In popular culture and media, when we hear the term ‘high performance’ we readily picture something like fast athletes or fast cars. That impression comes easily because getting to a destination most quickly is highly prized in our society.
But we know that getting somewhere quickly is definitely not the only thing or even the main thing many of us value most, despite what they say.
The term ‘high performance’ for you needs to be defined by what you value most. If your highest value is reaching a podium, beating your younger self, or gaining bragging rights against a friend or opponent then high performance can be defined by that. But if your highest value is living a long, healthy and meaningful life, then high performance needs to be defined and measured in terms of those values. It needs to be pursued through processes that aim for those outcomes. You need to know what you are doing in training is contributing to the ‘long’ value, the ‘healthy’ value, and the ‘meaningful’ value and not taking you away from those.
Being healthy, for example, does require physical growth (in order to counter decay), and some aspects of growth may likely be measured in terms of strength and speed and endurance – especially for those who are particularly weak compared to where they should be for those values. Being healthy also requires avoiding (serious) injury while sustaining activity year after year, decade after decade. This means avoiding doing too much of a good thing, as much as doing too little. It also involves keeping proper balance (or tension, we might say) between exercise/sport with other necessary aspects of a good life, like mental development, relationships, and work or meaningful contribution to society.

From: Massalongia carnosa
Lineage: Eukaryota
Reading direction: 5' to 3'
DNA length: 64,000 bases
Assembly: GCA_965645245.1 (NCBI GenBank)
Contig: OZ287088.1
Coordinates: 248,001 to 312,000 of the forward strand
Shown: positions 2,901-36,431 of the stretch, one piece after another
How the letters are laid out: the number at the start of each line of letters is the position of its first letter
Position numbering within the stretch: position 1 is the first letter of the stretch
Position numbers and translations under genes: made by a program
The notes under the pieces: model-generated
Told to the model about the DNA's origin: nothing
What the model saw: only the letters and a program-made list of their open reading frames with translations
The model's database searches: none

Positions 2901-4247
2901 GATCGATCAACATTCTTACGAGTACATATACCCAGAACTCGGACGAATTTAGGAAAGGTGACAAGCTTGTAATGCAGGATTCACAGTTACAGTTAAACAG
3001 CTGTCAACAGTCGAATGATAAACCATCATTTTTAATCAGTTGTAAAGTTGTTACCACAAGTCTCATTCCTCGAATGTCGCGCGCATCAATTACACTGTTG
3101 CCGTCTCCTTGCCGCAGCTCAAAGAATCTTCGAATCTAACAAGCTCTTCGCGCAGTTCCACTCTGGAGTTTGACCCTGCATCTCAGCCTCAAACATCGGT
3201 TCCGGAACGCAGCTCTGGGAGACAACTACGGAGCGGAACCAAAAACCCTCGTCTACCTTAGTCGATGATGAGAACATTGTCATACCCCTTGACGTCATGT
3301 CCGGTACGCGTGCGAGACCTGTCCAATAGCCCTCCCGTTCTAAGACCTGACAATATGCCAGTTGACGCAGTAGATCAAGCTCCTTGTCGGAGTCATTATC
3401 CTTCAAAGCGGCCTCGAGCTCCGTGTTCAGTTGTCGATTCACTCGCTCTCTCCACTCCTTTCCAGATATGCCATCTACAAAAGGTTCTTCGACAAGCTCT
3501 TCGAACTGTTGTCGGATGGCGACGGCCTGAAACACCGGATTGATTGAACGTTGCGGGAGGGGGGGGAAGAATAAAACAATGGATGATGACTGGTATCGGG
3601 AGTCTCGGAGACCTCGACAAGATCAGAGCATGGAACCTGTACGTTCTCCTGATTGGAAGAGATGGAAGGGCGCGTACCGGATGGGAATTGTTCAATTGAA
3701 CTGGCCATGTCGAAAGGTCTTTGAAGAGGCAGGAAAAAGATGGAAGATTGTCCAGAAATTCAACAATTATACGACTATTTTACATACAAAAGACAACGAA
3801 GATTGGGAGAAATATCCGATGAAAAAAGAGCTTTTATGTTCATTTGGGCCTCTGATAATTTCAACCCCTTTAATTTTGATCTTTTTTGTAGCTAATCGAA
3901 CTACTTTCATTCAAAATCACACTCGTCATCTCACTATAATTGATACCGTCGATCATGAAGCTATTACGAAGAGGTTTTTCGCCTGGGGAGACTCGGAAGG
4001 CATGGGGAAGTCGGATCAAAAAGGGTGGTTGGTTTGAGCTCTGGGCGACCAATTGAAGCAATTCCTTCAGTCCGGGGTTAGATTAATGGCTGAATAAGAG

I make this point because the media and the athletic programs out there are trying to sell us ‘high performance’ of the faster-and-furious kind and if we view the dominate advertisements we quickly get the impression that this is the kind of performance that everyone should be seeking. But I suspect that they are all clambering for the attention of a very, very small % of the interested population. In fact, the vast majority of people out there – you and I included – are actually in the market for a kind of high performance that has a lot more to do with being a healthier person, with being a better person than with getting to a podium or gaining bragging point against other athletes (or against the coach-potatoes in our social media networks). Higher performance of their kind is more about ‘get my reward now’, while the high performance that most of us really want is about ‘a reward that extends and lasts the rest of my life’. (I also acknowledge that fast-and-furious is more photogenic – it is harder to advocate for the alternative value because there is not a lot of flashy things to show for it on social media, compared to showing off one’s latest Garmin data, or photo of the race finish or vein-streaked bicep).
Yoga and meditation classes aren’t the only places we can go to find ‘high performance’ of the peaceful or harmonious or healthful kind. It can be found in the athletic movement arts as well. But those of us aligned with these values need to make it better known that you can find support with us for high performance in health, in longevity, and in harmony with other important faces of life. Those of us seeking support from a coach or training program need to dig a little deeper to make sure these providers are really sharing our same values and not just giving lip service while continuing to follow ideas about training that belong more to the fast-and-furious crowd.
It could be a helpful exercise for you to take a moment and write down what you really value, what you really want to get out of your athletic activity, now and later in life. Then give more scrutiny to the training products, the programs and the processes you are using or you might consider using. Rather than be impressed with the flashy video clips and photos of the advertisement, consider what actual evidence is there that these are truly aligned with your values and that they will guide you to an outcome you seek. If you haven’t already, hopefully you’ll find your tribe of people all seeking the same kind of performance, then get involved and contribute to the collective growth of that community. They’ll be glad to have you.
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